Letter | Published:

Production of Electric Charges on Water Drops

Naturevolume 169page1109 (1952) | Download Citation



THE main point at issue occurs in the first paragraph. It is whether or not there is an abrupt potential change at the surface, whatever name it be called—contact potential or potential barrier. The original statement by Workman and Reynolds that the potential barrier is at the water-ice interface means in the ordinary use of language that the potential change, which may be more than 100 volts, is a complete discontinuity there, or at best is spread over a distance of a few molecular diameters, involving an electric force of millions of volts a centimetre. The expanded statement seems to imply much the same.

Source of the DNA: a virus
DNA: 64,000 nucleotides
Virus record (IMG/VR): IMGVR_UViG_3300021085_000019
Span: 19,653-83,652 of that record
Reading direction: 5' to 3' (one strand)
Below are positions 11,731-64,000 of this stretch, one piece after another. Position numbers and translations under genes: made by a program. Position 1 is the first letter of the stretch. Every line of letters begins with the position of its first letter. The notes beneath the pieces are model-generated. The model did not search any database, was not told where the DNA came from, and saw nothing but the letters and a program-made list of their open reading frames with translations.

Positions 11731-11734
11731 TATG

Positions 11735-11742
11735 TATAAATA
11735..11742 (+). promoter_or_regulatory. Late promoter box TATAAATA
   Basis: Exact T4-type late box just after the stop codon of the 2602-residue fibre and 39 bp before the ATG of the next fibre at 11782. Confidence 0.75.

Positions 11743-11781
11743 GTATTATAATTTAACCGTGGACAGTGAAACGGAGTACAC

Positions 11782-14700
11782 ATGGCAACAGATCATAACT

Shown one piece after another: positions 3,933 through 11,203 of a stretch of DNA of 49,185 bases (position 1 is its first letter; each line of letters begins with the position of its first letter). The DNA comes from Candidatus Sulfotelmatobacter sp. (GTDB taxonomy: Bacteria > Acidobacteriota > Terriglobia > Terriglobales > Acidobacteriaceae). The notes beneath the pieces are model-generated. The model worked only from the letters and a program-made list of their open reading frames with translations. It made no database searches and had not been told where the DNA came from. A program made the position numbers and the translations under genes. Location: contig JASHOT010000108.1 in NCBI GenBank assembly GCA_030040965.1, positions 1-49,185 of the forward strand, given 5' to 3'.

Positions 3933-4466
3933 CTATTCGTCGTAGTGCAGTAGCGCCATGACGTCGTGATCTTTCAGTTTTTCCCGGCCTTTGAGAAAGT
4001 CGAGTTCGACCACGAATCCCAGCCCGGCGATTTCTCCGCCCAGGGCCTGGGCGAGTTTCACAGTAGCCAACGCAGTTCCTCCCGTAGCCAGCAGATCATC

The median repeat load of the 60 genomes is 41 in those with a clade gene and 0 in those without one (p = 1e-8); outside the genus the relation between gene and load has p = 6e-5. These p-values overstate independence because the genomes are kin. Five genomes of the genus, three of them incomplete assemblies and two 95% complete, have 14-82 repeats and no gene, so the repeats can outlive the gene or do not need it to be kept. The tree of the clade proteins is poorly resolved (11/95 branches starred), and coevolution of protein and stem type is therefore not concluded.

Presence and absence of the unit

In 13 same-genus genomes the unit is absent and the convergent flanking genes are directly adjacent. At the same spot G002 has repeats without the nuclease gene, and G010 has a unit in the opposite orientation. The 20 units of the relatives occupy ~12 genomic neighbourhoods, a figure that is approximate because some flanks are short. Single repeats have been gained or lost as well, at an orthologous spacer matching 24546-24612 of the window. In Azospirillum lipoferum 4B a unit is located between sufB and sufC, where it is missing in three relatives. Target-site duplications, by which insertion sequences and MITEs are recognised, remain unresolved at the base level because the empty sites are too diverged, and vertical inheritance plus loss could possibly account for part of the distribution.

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  1. Merton College, Oxford

    • E. W. B. GILL


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